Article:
Advertisement

Microbial Treatment of Waste by Culture-Dependent and Culture-Independent Approaches: Opportunities and Challenges

  • Juhi Gupta
  • Bhawna Tyagi
  • Rashmi Rathour
  • Indu Shekhar ThakurEmail author
Chapter

Abstract

Globally, there are concerning trends of waste generation as we progress towards a more developed society. India, the second most populous country, is on the edge of being the fifth largest economy in the world. In the last five decades, its metropolitanization has increased by approximately 10% and would further rise to 20% by 2026. The increasing urbanization and evolving lifestyles, food habits, and standards prompt such exponential expansion of robust waste. It is basically answerable for the introduction of a waste era posing various threats to health and causing ecological deformities. In 1996, the urban number created around 114,576 tonnes of municipal solid waste (MSW) per day, which is predicted to be 440,460 tonnes per day−1 by 2026. A large section of the waste is handled using the concept of 3Rs (reduce, reuse, and recycle), but the biological microbial potential is still underestimated. Less than 1% of the microbial community is culturable due to which the conservative cultural microbiology lags behind in revealing the hidden potential. This limitation is subsided by the introduction of culture-independent techniques. This chapter discusses about the possibilities of waste management using microbes both at culture-dependent and culture-independent levels. Next-generation sequencing is a relatively new and flourishing field and promises to be potent enough to supervise the waste generation. Different techniques and procedures have been discussed. The future challenges for waste management lie in the lack of motivation and public unawareness. Waste management is an immediate need of the hour for a sustainable future tomorrow as covered in the Sustainable Development Goals Agenda 2030.

Keywords

Solid waste Microbiology Microbial community Culture-dependent approach Culture-independent approach Metagenomics Waste treatment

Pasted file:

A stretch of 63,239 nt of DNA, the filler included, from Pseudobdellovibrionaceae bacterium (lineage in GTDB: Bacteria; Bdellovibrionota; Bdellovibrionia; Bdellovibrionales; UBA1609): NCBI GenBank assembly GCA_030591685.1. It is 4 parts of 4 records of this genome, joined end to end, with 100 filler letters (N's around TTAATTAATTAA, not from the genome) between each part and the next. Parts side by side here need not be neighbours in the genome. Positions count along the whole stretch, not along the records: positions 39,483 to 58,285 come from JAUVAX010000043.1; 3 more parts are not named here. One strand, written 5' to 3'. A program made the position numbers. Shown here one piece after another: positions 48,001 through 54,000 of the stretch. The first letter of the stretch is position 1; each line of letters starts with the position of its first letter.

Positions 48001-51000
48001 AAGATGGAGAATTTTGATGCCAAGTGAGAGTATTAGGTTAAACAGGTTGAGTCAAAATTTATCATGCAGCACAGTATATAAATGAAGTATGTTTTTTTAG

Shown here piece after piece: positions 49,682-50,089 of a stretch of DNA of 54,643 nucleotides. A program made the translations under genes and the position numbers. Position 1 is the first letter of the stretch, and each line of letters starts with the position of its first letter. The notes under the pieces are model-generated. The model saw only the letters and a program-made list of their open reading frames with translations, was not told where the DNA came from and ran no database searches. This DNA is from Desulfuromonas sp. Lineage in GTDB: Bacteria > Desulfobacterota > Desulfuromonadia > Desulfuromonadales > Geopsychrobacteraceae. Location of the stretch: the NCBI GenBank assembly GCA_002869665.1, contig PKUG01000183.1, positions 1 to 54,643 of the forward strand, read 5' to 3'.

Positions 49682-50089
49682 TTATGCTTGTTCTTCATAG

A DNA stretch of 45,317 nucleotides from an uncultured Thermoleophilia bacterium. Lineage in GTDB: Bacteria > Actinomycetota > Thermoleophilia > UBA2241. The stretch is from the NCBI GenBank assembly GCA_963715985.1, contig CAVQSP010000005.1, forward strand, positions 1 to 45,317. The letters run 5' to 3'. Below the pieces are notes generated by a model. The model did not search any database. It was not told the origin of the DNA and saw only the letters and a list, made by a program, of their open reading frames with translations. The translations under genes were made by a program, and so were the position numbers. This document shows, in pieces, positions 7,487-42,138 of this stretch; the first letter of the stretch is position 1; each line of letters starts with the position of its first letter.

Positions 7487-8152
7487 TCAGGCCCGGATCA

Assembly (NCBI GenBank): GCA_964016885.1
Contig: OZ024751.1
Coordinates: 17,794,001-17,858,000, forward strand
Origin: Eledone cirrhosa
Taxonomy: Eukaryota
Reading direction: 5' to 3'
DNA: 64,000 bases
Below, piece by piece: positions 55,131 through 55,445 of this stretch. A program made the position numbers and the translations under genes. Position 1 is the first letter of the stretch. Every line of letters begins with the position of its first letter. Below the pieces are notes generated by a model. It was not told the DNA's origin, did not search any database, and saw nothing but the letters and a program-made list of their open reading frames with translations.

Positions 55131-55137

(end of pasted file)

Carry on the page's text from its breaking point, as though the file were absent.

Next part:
References

  1. Agarwal SK (1998) Advances in environmental biotechnology, 1st edn. APH Publishing Corporation, New Delhi, pp 267–289Google Scholar
  2. Ahsan N (1999) Solid waste management plan for Indian megacities. Indian J Environ Prot 19:90–95Google Scholar
  3. Ali U, Syed JH, Malik RN, Katsoyiannis A, Li J et al (2014) Organochlorine pesticides (OCPs) in South Asian region: a review. Sci Total Environ 476:705–717PubMedCrossRefPubMedCentralGoogle Scholar
  4. Ambulkar AR, Shekdar AV (2004) Prospects of biomethanation technology in the Indian context: a pragmatic approach. Resour Conserv Recycl 40(2):111–128CrossRefGoogle Scholar
  5. Angly FE, Felts B, Breitbart M, Salamon P, Edwards RA et al (2006) The marine viromes of four oceanic regions. PLoS Biol 4:e368PubMedPubMedCentralCrossRefGoogle Scholar
  6. Annepu RK (2012) Report on sustainable solid waste management in India. Waste-to-Energy Research and Technology Council (WTERT) 1–189. See http://swmindia.blogspot.in/. Accessed 26 June 2015
  7. Antizar-Ladislao B, Katerina S, Angus JB, Nicholas JR (2008) Microbial community structure changes during bioremediation of PAHs in an aged coal tar contaminated soil by in-vessel composting. Int Biodeterior Biodegradation 61:357–364CrossRefGoogle Scholar
  8. Bank W. O. L. D (2012) What a waste – a global review of solid waste management. New York. No 15Google Scholar
  9. Batzoglou S, Jaffe DB, Stanley K, Butler J, Gnerre S et al (2002) ARACHNE: a wholegenome shotgun assembler. Genome Res 12:177–189PubMedPubMedCentralCrossRefGoogle Scholar
  10. Bouchez T, Patureau D, Dabert P, Juretschko S, Doré J et al (2000) Ecological study of a bioaugmentation failure. Environ Microbiol 2:179–190PubMedCrossRefPubMedCentralGoogle Scholar